Velocity Micro Vector Z25 Review

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If you're willing to spend more than $500 on a desktop PC, an expert Velocity Micro Vector Z25 review suggests this desktop is worth the investment. The system is easy to customize -- Velocity Micro being primarily an agile online vendor -- and after testing by PC Mag with an upgraded (Nvidia) graphics card, the Vector Z25 review concludes that its graphics performance is impressive. This model earns the review site's Editor's Choice award for mid-priced desktops on the strength of its prowess on day-to-day tasks, photo editing, and 3D gaming. The Velocity Micro Vector Z25 earns additional points for eschewing extra bloatware, a scourge on many entry-level PCs.

The Vector Z25 (starting at $799) is based on a speedy Intel Core i5 CPU and runs Windows 8 (a free upgrade to Windows 8.1 is now available), although it can be ordered with Windows 7. The base configuration features integrated graphics, but buyers can kick it up a notch or so by opting for a dedicated video card for as little as $90. This mid-level desktop includes a fast, 1TB hard drive and 8GB of RAM, with space to expand both. For connections, the Vector Z25 boasts four USB 3.0 ports, three USB 2.0 ports, and a 10/100/1000 Ethernet port. Unlike many entry-level desktops, this higher-priced model does not come with a mouse and keyboard.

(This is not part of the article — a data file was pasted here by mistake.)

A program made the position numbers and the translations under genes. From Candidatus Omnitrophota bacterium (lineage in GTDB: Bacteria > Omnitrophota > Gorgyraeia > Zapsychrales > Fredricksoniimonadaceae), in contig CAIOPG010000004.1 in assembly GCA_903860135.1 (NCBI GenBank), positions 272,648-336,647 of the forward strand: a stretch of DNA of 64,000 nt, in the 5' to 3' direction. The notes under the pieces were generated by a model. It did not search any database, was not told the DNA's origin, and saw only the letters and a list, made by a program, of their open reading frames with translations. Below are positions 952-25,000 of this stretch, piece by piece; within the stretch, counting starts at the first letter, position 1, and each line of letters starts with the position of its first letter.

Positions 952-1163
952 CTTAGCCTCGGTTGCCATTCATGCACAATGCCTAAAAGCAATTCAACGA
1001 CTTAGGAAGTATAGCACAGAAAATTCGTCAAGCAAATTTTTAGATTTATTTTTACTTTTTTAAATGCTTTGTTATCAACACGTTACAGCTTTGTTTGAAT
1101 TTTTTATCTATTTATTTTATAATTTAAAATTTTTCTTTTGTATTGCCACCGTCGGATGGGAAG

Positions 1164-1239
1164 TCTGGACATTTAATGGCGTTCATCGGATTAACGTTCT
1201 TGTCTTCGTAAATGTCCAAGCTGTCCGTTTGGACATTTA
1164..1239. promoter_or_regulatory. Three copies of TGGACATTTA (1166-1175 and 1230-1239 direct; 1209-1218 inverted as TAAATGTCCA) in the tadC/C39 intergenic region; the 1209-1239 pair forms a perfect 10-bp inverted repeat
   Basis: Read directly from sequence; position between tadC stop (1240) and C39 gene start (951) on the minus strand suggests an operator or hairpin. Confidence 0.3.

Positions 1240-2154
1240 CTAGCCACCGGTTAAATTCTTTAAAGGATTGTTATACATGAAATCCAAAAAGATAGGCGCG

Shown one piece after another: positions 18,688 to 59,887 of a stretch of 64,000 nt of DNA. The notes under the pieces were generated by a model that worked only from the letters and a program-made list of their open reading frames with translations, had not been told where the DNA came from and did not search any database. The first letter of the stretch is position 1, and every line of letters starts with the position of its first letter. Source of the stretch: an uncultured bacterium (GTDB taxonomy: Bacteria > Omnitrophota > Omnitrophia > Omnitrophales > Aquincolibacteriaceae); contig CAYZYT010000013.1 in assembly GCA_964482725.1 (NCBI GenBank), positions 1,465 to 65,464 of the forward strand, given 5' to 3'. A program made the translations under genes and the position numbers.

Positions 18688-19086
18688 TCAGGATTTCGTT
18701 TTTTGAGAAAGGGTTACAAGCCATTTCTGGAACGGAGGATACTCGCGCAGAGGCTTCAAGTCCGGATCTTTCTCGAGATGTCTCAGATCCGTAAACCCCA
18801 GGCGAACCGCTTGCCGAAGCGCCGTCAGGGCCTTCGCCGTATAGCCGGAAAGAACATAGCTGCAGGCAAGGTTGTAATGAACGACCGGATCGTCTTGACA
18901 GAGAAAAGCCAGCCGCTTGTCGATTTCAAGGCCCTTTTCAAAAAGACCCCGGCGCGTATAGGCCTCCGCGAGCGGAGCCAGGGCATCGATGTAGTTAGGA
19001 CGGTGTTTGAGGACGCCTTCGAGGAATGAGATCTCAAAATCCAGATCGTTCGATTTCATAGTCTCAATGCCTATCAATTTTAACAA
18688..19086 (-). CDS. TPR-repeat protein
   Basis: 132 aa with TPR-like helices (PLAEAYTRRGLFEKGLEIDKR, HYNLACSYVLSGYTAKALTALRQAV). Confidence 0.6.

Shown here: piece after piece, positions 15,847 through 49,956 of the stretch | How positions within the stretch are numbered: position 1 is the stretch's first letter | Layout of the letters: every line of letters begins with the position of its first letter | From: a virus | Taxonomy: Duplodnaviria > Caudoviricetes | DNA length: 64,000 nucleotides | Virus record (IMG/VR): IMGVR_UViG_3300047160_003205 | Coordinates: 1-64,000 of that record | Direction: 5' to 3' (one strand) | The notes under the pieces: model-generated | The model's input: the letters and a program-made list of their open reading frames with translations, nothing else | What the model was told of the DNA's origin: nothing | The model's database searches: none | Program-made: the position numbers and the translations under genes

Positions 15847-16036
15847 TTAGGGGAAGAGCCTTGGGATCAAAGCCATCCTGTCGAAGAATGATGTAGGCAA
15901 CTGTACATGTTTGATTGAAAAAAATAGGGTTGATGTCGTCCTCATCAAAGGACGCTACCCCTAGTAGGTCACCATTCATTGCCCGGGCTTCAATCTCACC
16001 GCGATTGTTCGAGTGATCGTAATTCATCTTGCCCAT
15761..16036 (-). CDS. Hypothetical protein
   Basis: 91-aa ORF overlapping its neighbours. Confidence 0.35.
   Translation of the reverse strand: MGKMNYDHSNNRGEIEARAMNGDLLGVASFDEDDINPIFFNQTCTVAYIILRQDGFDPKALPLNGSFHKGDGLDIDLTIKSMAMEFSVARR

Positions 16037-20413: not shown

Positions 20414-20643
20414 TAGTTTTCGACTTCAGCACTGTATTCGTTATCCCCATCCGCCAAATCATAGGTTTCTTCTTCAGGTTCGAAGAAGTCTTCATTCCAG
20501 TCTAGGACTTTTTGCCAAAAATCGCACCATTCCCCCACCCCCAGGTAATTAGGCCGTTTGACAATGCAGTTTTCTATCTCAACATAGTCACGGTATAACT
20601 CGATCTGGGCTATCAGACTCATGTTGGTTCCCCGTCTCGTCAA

Budget desktops certainly fulfill an important need in many homes, but not everyone wants to use a bare-bones system as their primary computer. Consumers who prefer a desktop with significant power won't find what they're looking for in the budget category, and that's where midrange systems like the Velocity Micro Vector Z25 step in. These PCs are pricier than those on our list, but that doesn't mean there aren't good values to be found. The Vector Z25 is one of the better deals around -- a powerful PC that can be configured to suit individual requirements without costing a small fortune.

Michael Sweet

Michael Sweet writes about consumer electronics. If something runs on electricity or ones and zeroes, he's interested in it. Sweet has written about PC technology and consumer electronics for 14 years.

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